Ringed Spiral Galaxy NGC 4725
Galaxies contain such huge amounts of matter and energy, that statistical variations might be expected to cancel out.  In other words, one might expect the fundamental
laws of physics might allow only one or just a few forms of galaxies.  Yet each galaxy is unique in size, shape, and composition.  The Galaxy NGC 4725 at first glance
is just another spiral galaxy.  Yet closer inspection shows broad stretching of the core, not quite into a barred spiral, yet not a traditional spiral either.  Furthermore,
the central arms do not spiral, but form a ring.  NGC 4725 has one of the most perfect rings of any galaxy, appearing oval to our view because of a 43 degree tilt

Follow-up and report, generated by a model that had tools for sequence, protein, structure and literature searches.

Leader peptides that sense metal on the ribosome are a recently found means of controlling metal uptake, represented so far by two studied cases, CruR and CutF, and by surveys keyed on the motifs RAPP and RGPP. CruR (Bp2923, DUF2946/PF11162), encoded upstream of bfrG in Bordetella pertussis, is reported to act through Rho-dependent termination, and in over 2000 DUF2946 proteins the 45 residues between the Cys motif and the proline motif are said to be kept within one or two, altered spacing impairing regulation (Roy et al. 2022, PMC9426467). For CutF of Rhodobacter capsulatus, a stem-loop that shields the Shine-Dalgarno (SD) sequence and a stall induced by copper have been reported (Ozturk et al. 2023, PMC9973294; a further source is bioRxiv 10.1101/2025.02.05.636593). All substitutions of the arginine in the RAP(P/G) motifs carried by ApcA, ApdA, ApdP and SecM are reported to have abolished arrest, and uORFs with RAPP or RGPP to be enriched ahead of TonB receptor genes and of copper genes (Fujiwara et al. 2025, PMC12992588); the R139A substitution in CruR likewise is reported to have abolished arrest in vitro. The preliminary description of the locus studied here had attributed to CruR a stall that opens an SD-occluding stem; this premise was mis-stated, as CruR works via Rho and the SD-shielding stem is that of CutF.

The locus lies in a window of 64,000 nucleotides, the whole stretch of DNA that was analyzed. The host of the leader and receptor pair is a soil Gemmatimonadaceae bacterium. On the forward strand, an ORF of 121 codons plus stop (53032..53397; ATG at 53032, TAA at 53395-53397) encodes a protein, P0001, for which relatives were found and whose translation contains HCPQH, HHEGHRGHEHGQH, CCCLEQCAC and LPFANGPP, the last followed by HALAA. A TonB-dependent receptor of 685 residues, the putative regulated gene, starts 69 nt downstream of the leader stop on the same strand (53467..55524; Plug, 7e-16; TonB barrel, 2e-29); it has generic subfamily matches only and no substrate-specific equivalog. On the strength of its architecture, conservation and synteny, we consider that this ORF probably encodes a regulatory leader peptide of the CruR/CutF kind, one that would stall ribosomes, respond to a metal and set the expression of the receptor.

from our line of sight.  Active star formation in the ring appears blue-white from bright clusters of young hot stars.  Beyond the ring, two faint concentric arms spriral
outwards.

NGC 4725 is one of the brightest galaxies omitted from Messier's catalog, shining at magnitude 9.4 at a distance of 42 million light-years, in the constellation Coma
Berenices.

The luminance for this image was obtained with 225 minutes exposure with an ST10XME camera and AP 0.67x reducer through a 12" Meade LX200R telescope.  
The color channels were obtained with an ST2000XM camera through a TEC 140 mm refractor, with 50 minutes red, 70 minutes green, and 90 minutes blue
exposures. .
Music:  Ring of Fire, Johnny Cash
click on image for full size